The cultural paradigm of the smaller firm

Helen Haugh, Lorna McKee

Research output: Contribution to journalArticle

25 Citations (Scopus)

Abstract

This paper presents the findings from an ethnographic study of organizational culture and shared values in four smaller firms, the outcome of which was the identification of the cultural values shared between owner-managers (OMs) and employees in each firm. The research employed Schein's conceptualization of culture as a three-layer phenomenon, consisting of surface artifacts, shared values and beliefs, and basic assumptions. The analytical technique of grounded theory was employed to process the large volume of data gathered during the extended research period. The data reveal a complex array of values in each firm, with only one firm exhibiting a homogenous culture where values are shared by all those working in the organization. In the remaining three firms, five values appear to be shared by all employees; however, this is overlaid by a pattern of subcultures differentiated by distinctive shared values. Interfirm analysis among the four firms found that the values of survival, independence, control, pragmatism, and financial prudence were shared by two or more firms. The research collectively defines these shared values as the cultural paradigm of the smaller firm.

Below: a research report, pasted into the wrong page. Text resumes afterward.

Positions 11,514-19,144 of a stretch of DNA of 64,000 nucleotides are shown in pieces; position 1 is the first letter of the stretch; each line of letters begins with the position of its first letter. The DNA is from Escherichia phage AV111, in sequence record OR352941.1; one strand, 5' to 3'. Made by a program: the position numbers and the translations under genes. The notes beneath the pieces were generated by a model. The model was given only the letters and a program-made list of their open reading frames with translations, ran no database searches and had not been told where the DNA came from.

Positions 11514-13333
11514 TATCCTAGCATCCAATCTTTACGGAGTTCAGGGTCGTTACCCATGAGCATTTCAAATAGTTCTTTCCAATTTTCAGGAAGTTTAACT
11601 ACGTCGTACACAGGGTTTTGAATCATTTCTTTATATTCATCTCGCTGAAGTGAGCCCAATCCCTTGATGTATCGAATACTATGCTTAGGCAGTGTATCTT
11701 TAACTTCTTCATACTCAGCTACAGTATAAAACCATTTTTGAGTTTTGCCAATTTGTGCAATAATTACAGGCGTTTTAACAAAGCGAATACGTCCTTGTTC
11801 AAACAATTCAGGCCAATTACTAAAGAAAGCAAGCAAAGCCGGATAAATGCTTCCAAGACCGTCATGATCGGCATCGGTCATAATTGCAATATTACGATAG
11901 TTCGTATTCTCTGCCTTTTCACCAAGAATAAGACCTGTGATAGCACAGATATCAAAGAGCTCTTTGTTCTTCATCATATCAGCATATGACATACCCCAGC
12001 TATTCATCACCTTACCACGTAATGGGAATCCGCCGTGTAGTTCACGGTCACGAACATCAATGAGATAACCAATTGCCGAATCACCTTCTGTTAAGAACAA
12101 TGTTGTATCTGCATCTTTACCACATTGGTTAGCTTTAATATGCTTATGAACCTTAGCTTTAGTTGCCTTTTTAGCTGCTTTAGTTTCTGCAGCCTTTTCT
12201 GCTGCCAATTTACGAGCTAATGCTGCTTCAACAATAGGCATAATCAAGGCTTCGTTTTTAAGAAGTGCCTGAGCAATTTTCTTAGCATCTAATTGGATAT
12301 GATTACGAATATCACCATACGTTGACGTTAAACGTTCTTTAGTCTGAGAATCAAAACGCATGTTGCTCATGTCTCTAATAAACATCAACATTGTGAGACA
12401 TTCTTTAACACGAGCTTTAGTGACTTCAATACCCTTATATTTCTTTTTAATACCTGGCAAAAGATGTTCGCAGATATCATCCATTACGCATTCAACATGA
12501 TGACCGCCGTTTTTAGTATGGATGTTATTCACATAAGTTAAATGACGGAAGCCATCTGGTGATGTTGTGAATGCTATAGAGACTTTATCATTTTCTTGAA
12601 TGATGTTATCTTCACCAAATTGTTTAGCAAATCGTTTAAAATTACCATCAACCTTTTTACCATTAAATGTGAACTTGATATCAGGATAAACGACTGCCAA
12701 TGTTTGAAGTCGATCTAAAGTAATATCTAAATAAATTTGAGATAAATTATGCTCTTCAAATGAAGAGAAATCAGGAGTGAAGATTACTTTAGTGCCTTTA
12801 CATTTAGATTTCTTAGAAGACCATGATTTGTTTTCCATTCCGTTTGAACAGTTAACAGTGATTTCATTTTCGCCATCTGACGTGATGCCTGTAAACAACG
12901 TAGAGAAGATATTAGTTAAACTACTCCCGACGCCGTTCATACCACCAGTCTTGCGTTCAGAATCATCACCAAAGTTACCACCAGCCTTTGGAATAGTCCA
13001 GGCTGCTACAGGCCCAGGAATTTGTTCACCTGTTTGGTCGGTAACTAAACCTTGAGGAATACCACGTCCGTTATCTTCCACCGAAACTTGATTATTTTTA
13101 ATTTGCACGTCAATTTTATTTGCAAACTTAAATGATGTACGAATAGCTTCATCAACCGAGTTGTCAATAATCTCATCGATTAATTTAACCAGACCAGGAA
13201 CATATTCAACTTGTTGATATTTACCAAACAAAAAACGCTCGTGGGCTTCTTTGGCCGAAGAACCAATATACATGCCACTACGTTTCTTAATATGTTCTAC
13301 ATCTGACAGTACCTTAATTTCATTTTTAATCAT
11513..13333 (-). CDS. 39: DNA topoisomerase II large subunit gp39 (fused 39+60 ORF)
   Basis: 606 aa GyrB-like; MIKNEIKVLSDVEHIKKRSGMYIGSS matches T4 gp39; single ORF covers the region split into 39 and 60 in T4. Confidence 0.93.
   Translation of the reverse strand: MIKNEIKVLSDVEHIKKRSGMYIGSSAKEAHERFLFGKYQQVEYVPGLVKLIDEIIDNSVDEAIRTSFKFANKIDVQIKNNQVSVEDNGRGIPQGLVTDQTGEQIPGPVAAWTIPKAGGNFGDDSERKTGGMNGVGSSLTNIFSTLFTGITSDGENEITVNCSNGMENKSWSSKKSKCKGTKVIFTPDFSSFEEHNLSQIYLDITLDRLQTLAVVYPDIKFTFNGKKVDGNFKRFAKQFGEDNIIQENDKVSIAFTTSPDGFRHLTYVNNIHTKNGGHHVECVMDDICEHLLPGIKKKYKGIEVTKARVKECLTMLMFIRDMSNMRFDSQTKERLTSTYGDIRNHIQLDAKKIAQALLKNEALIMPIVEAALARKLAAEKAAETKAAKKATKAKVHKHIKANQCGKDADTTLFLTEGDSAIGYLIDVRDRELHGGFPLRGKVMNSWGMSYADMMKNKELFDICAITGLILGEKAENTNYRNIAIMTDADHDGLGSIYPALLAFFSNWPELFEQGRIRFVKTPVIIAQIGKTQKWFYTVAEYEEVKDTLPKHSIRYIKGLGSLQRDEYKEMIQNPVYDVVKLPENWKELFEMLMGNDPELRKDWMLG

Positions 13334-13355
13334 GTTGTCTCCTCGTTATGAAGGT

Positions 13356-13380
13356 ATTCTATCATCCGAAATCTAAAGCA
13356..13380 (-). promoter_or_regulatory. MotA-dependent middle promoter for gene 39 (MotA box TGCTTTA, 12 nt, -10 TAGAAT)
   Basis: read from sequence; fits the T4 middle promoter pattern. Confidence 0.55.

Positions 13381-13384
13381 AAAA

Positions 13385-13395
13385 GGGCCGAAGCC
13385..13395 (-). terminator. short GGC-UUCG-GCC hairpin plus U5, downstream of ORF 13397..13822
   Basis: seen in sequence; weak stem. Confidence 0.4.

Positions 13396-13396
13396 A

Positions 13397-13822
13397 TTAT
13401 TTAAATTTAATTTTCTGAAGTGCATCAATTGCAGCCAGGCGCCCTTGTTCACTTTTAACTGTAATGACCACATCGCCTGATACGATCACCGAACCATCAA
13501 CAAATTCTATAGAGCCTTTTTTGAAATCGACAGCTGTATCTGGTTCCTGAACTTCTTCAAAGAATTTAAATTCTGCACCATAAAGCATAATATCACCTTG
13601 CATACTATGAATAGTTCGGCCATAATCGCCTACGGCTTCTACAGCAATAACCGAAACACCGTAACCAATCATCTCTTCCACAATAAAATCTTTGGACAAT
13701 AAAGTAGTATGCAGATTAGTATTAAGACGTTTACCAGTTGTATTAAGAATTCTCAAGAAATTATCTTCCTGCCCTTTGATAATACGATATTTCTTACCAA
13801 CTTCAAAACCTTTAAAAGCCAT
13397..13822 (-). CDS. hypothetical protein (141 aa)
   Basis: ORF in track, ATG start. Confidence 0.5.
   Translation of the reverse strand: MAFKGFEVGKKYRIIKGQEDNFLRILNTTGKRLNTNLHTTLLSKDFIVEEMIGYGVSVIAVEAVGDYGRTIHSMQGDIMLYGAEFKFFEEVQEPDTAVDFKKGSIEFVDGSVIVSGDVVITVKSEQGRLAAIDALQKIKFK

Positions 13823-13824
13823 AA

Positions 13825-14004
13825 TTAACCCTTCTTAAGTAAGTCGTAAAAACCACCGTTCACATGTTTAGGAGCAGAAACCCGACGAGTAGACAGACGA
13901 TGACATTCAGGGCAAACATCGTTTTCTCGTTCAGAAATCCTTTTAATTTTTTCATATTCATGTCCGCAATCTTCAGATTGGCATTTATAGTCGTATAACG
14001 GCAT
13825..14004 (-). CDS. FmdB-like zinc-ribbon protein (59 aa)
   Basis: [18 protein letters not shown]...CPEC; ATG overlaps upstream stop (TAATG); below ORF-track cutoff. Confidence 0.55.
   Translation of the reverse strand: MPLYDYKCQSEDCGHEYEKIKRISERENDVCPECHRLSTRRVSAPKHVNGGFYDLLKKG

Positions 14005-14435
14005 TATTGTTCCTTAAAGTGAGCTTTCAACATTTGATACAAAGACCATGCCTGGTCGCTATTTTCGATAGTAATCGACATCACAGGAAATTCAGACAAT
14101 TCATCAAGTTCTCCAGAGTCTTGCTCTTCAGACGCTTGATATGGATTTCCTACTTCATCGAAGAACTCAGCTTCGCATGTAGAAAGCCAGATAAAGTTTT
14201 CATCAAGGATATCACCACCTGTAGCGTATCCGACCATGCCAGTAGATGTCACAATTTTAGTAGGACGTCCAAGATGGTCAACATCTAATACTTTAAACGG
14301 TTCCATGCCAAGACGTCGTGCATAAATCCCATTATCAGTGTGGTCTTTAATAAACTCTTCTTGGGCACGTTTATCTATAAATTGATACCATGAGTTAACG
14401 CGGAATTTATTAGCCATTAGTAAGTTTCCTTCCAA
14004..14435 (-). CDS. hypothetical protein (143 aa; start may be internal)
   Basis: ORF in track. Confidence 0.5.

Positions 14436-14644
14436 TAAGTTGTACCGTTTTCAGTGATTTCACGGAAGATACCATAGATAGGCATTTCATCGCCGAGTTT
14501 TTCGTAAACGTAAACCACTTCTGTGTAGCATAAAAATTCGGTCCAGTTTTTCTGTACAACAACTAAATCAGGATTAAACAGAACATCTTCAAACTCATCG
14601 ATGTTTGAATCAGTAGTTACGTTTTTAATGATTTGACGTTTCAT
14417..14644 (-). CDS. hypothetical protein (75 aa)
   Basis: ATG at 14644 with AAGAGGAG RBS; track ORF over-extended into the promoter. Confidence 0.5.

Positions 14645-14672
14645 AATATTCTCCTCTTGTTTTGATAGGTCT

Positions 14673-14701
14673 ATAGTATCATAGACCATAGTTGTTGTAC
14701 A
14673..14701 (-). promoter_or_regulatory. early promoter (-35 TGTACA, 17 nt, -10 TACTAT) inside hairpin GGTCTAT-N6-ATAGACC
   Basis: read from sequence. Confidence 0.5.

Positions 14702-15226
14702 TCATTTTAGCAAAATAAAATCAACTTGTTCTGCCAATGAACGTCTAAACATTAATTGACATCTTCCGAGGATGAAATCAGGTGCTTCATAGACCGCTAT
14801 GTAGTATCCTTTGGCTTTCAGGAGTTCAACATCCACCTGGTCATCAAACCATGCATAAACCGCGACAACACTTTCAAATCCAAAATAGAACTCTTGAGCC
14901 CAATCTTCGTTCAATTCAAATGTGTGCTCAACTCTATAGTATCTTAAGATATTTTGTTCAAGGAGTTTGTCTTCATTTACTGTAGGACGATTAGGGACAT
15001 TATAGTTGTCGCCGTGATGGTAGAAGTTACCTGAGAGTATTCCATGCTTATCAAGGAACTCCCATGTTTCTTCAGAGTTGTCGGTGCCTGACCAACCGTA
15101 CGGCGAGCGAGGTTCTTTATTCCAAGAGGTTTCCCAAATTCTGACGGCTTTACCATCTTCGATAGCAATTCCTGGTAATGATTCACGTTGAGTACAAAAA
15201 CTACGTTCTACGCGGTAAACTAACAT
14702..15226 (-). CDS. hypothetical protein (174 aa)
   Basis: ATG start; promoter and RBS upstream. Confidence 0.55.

Original languageEnglish
Pages (from-to)377-394
Number of pages18
JournalJournal of Small Business Management
Volume42
Issue number4
DOIs
Publication statusPublished - Oct 2004

Keywords

  • values

Cite this

The cultural paradigm of the smaller firm. / Haugh, Helen; McKee, Lorna.

In: Journal of Small Business Management, Vol. 42, No. 4, 10.2004, p. 377-394.

Research output: Contribution to journalArticle

Haugh, Helen ; McKee, Lorna. / The cultural paradigm of the smaller firm. In: Journal of Small Business Management. 2004 ; Vol. 42, No. 4. pp. 377-394.
@article{76ee1bccf4814197a0e621489cf71633,
title = "The cultural paradigm of the smaller firm",
abstract = "This paper presents the findings from an ethnographic study of organizational culture and shared values in four smaller firms, the outcome of which was the identification of the cultural values shared between owner-managers (OMs) and employees in each firm. The research employed Schein's conceptualization of culture as a three-layer phenomenon, consisting of surface artifacts, shared values and beliefs, and basic assumptions. The analytical technique of grounded theory was employed to process the large volume of data gathered during the extended research period. The data reveal a complex array of values in each firm, with only one firm exhibiting a homogenous culture where values are shared by all those working in the organization. In the remaining three firms, five values appear to be shared by all employees; however, this is overlaid by a pattern of subcultures differentiated by distinctive shared values. Interfirm analysis among the four firms found that the values of survival, independence, control, pragmatism, and financial prudence were shared by two or more firms. The research collectively defines these shared values as the cultural paradigm of the smaller firm.",